'Economy needs ethics', pope says
Benedict underscores role of greed in global recession10 February, 18:56
(ANSA) - Vatican City, February 10 - The economy needs ethics to survive the recession, Pope Benedict XVI said Wednesday in a return to a recurring theme in his addresses focusing on the need to rethink the global economy along moral lines.
''The global financial crisis has impoverished no small number of people,'' he stated during a general audience at the Vatican.
Underscoring the need to put ''people back at the center of economic decision-making,'' the pope said ''a new code of business ethics'' was required to usher in the transformation.
As an example, he pointed to the figure of St Anthony of Padua (1195-1231) who spent his life preaching against avarice and pride, two qualities Benedict blames for the recession.
''He knew human nature well and urged us to resist our greedy natures and and be generous and humble instead''.
The role of egotism and exploitation in the economic downturn has been a recurring theme in the pope's public addresses in recent months.
Last week, the Pope issued a direct appeal to the government to avoid job loss, making specific mention of workers at a Fiat plant in Sicily and an Alcoa factory in Sardinia, which are both facing closure.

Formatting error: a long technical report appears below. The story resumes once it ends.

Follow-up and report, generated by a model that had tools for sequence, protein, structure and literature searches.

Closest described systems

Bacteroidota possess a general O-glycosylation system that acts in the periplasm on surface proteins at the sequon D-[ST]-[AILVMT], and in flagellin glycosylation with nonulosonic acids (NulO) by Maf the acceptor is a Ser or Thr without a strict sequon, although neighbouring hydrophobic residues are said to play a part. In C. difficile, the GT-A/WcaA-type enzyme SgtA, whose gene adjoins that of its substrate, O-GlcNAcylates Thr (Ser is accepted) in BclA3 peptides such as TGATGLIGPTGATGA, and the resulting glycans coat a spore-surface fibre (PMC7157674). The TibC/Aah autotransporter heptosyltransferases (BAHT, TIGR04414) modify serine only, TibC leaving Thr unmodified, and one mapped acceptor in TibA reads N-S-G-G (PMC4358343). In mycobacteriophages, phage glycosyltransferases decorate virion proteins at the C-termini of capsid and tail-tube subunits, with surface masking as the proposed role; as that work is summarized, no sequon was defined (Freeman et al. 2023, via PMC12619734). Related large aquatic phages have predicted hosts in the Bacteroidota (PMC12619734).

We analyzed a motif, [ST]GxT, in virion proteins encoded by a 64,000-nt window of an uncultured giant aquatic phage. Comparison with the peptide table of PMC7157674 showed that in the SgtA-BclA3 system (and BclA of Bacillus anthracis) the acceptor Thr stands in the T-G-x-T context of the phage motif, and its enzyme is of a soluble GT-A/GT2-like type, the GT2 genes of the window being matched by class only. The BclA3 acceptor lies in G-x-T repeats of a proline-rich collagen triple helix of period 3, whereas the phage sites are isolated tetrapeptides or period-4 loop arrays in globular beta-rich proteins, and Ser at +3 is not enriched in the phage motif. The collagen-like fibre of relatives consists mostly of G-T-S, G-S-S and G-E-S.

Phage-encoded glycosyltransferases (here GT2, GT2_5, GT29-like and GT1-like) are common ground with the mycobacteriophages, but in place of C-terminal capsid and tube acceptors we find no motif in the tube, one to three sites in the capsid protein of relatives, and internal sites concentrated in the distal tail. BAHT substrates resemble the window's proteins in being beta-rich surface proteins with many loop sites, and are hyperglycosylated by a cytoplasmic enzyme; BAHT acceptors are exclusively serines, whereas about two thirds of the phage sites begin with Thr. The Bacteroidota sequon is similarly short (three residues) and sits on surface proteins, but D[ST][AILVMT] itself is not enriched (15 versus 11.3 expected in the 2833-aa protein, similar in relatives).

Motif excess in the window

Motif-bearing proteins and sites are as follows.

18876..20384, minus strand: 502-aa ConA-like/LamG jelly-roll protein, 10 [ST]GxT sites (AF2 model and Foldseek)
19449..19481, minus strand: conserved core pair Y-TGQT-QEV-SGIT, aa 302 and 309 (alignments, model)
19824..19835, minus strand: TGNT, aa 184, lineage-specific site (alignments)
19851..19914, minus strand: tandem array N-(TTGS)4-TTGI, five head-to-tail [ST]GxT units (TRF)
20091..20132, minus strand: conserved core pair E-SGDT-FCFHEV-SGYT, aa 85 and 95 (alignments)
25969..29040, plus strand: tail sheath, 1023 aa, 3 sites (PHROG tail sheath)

During a United Nations food summit in Rome last November, he railed against the ''opulence and waste'' inherent in consumer culture, which he said was largely responsible for the spread of poverty.
In September, he told members of Italian farmers' union Coldiretti that the present crisis was ''fundamentally one of trust,'' which had come up short leaving doubt it in its place.
The importance of ethics in business was also a major focus of his third encyclical, Charity in Truth, in which Benedict said unscrupulous business practices had derailed the world economy.
''Once profit becomes the exclusive goal, if it is produced by improper means and without the common good as its ultimate end, it risks destroying wealth and creating poverty,'' the document read. The head of Italy's state-funded Microcredit organization, Mario Baccini on Wednesday seized on the pope's declaration to underline the potential of small, low-interest loans to lift families out of poverty.
''Microloans give people the tools they need to improve their lives, which on a wider scale, can help stimulate the economy,'' he said.
While the Italian Committee for Microcredit works extensively with cooperation and development projects abroad, it also subsidizes microloans in Italy through a network of participating banks.